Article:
To obtain timely and accurate information on all deaths, the chief medical officer for England instigated an investigation of every death in England considered to be related to pandemic A/H1N1. We analysed these data, describing all reported deaths related to pandemic A/H1N1 infection in England by 8 November 2009.
Six physicians working for the chief medical officer received the reports of deaths suspected to be related to pandemic A/H1N1. They made direct contact with the responsible senior physician in the organisation reporting a death. They collected a standard information set from this physician (box). The American Society of Anesthesiologists (ASA) scale was used to describe the patient’s general health before the onset of influenza.14
A confirmed death was defined as related to pandemic A/H1N1 if either or both of the following criteria were met: pandemic A/H1N1 infection recorded on any part of a patient’s death certificate (or synonym, such as “swine flu,” “H1N1 pneumonia,” “H1N1 virus,” or other phrase clearly referring to pandemic A/H1N1 in the clinical circumstances) or pandemic A/H1N1 infection confirmed by laboratory testing, either before or after death.
While the number of cases of pandemic A/H1N1 in England was small, the Health Protection Agency ascertained numbers from laboratory testing of all known suspected cases. On 15 July, the agency started weekly estimation of incident case numbers using two primary care surveillance networks.15 Estimates date back to 2 June 2009. Before this there were 225 confirmed cases in England.16 Consultation rates for influenza-like illness were recorded by the QSurveillance National Surveillance System. This captures electronic clinical record data for about 20 million patients in England registered with a general practitioner.17 The Royal College of General Practitioners and Health Protection Agency’s regional microbiology network sentinel surveillance scheme estimated positivity rates of pandemic A/H1N1 based on laboratory testing of a sample of patients with influenza-like illness, by region and by age group. To estimate case numbers for the whole of England, rates were multipled by consultation rates for influenza-like illness and scaled up with the most recent population estimates from the Office for National Statistics. The estimate was further scaled up to account for the proportion of individuals with symptomatic pandemic A/H1N1 who did not consult their general practitioner. This proportion was taken to be 50-80%.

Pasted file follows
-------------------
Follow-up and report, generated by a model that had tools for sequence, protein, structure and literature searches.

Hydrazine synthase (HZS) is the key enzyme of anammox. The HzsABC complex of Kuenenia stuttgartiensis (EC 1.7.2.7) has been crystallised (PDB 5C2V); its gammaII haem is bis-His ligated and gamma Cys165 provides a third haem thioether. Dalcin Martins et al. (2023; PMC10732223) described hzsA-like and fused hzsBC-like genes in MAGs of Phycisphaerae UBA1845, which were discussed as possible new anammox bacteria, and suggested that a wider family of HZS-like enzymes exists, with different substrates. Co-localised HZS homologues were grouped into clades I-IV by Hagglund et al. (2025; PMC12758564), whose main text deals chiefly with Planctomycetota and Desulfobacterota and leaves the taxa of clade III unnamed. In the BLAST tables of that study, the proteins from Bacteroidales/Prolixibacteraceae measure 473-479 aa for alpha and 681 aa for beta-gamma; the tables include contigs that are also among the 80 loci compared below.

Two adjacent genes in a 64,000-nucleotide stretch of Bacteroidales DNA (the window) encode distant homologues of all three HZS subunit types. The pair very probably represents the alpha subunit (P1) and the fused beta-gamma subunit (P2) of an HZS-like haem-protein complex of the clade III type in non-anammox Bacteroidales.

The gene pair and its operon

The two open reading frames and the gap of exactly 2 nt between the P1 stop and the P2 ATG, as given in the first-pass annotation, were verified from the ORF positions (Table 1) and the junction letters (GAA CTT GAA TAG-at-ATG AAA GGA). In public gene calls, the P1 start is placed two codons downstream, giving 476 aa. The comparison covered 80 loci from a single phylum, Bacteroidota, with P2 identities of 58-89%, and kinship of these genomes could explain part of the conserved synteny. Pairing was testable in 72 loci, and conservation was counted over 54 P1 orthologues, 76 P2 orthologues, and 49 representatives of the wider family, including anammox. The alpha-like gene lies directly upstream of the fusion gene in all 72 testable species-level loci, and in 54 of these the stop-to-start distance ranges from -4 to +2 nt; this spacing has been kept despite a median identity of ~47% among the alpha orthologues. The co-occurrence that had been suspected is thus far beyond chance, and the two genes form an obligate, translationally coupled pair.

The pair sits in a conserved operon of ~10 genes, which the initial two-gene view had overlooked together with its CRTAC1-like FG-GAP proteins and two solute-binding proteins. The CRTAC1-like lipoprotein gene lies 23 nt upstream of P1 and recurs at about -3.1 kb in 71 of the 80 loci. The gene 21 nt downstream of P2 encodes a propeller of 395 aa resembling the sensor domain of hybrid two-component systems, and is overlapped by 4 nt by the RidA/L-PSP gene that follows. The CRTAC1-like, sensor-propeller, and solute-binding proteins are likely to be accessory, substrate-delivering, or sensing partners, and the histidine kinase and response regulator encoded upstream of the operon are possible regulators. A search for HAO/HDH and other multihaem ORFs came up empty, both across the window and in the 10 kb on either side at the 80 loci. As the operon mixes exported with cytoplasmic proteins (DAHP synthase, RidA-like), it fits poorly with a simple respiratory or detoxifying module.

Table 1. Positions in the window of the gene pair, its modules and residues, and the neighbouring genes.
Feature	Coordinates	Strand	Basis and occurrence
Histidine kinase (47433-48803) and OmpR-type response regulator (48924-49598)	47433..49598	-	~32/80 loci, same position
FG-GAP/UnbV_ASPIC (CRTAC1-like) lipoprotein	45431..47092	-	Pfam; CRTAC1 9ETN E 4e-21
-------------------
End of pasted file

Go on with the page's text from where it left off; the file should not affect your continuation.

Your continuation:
On 23 July 2009, the National Pandemic Flu Service (NPFS) was activated in England. This is a telephone and internet based service. It provides treatment advice with a standardised algorithm, and, when appropriate, authorises individuals to obtain antiviral drugs from a local collection point. The Health Protection Agency’s method of estimation therefore changed from this date. The number of individuals authorised by the flu service to collect antiviral drugs was multiplied by positivity rates of pandemic A/H1N1 derived from a sample of these individuals. This provided an estimated number of true positive cases. This weekly estimate was added to the weekly estimate derived from primary care surveillance. The two were scaled up to account for those individuals with symptomatic infection who neither consulted their general practitioner nor used the flu service. This proportion was estimated at 30-70%. Hence, age specific estimates of the total number of incident symptomatic cases in the population were made on a weekly basis.